Advantages and disadvantages of K-means clustering
- The algorithm is simple and easy to implement;
- The algorithm is fast;
- For processing large data sets, the algorithm is relatively scalable and efficient because its complexity is approximately O(nkt), where n is the number of all objects, k is the number of clusters, and t is the number of iterations.Usually k<This algorithmUsually local convergence.
- The algorithm attempts to find the k partitions that minimize the value of the squared error function.When the clusters are dense, spherical or lumpy, and the difference between clusters and clusters is obvious, the clustering effect is better.
- High requirements on data types, suitable for numerical data;
- May converge to a local minimum and converge slowly on large-scale data
- The number k of packets is an input parameter, and an inappropriate k may return a poor result.
- Sensitive to the cluster value of the initial value, which may result in different clustering results for different initial values;
- Not suitable for finding clusters with non-convex shapes, or clusters with large differences in size.
- Sensitive to "noise" and outlier data, a small amount of this type of data can have a significant impact on the average.
Baidu Encyclopedia version
The K-means clustering algorithm first randomly selects K objects as the initial clustering center. The distance between each object and each seed cluster center is then calculated, and each object is assigned to the cluster center closest to it. The cluster centers and the objects assigned to them represent a cluster. Once all objects have been assigned, the cluster center of each cluster is recalculated based on the existing objects in the cluster. This process will continue to repeat until a termination condition is met. The termination condition may be that no (or a minimum number of) objects are reassigned to different clusters, no (or a minimum number of) cluster centers are re-changed, the square of error and the local minimum.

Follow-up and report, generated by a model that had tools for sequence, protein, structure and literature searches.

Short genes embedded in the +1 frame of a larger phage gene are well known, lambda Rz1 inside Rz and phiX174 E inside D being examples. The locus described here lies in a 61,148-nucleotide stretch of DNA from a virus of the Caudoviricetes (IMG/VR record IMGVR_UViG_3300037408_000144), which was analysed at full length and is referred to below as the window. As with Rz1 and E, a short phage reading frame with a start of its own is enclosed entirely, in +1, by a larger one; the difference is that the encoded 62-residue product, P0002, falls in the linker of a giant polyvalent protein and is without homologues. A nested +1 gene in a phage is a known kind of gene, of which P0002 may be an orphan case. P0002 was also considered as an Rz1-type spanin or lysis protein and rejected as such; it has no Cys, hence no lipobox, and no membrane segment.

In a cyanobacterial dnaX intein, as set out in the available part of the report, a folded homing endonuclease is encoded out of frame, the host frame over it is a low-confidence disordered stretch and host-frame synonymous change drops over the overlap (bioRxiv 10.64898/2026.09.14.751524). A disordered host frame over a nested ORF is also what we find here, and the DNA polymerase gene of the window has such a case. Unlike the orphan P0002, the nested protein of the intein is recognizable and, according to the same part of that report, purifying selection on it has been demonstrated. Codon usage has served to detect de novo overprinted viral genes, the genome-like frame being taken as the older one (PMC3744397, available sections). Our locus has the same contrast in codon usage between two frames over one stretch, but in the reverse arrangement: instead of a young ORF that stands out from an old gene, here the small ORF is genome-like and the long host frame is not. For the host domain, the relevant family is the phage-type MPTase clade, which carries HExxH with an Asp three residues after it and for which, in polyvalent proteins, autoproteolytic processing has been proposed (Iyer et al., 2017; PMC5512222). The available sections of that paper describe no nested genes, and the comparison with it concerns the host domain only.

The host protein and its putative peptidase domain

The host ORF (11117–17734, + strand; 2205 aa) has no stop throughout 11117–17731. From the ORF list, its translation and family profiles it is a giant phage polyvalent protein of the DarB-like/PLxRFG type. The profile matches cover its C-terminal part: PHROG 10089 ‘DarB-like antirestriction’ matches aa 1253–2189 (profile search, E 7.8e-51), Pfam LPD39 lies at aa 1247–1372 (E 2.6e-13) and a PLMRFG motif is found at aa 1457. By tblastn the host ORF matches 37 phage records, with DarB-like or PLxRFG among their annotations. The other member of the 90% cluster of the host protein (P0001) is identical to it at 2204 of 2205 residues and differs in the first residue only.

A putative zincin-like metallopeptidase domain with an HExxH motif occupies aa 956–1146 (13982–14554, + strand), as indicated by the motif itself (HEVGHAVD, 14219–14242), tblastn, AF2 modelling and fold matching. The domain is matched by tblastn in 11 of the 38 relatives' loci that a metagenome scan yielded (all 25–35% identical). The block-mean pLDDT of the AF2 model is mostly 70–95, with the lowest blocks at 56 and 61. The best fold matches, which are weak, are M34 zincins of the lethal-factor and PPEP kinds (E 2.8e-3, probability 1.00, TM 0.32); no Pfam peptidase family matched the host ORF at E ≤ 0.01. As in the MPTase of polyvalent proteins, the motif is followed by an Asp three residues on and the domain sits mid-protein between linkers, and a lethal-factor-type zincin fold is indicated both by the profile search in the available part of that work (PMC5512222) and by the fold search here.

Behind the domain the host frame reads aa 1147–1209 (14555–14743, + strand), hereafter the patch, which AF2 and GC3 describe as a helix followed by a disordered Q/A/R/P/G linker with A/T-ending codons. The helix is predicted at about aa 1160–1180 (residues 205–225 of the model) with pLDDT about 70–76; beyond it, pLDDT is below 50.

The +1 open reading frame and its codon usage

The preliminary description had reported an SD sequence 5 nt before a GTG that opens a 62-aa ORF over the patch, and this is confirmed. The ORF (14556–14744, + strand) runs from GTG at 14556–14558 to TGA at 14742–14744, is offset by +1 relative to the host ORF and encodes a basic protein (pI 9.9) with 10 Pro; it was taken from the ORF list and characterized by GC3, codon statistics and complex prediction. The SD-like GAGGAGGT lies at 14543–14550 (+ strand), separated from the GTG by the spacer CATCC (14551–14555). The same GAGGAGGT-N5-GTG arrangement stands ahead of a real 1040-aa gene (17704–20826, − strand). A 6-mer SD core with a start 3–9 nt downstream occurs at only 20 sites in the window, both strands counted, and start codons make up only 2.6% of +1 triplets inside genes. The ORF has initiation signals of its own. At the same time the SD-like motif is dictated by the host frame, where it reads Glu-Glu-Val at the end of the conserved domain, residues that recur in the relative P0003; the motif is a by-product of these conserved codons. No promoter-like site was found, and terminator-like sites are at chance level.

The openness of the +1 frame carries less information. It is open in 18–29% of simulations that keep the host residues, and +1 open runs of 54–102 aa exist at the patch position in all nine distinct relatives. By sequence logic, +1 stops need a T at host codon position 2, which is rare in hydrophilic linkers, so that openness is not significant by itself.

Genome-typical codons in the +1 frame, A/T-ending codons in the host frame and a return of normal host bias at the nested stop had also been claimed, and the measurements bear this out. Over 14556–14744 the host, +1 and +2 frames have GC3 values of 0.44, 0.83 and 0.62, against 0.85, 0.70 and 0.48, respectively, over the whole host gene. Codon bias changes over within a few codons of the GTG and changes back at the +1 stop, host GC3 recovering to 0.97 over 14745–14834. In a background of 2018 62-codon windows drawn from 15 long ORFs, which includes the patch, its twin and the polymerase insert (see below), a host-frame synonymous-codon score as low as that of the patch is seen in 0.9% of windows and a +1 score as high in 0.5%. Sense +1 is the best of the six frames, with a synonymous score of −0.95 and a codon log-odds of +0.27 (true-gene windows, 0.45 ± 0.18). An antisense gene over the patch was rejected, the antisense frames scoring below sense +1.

Ķ-means clustering is a method of vector quantization, initially from signal processing, ie popular cluster analysis in data mining. The purpose of the ķ-means clustering is to divide the Ñ observations into which each observation belongs to the cluster cluster with the nearest average as a prototype cluster. This causes the data space to be divided into Voronoi units.
The problem is computationally difficult (NP is difficult); however, efficient heuristics converge quickly to local optimum. These are usually similar to the maximum expected algorithm as a mixture of Gaussian distributions via two employed iterative refinement methods k-means and Gaussian mixture models. They all use cluster centers to model data; however, k-means clusters tend to find clusters with comparable spatial extents, while expectation maximization mechanisms allow clusters to have different shapes.
The algorithm has a loose relationship with the k nearest neighbor classifier, which is a popular classification machine learning technique that is often confused with k-means for name reasons. Using the 1 nearest neighbor classifier, the clustering center obtained by k-means classifies the new data into existing clusters. This is known as the nearest centroid classifier or Rocchio algorithm.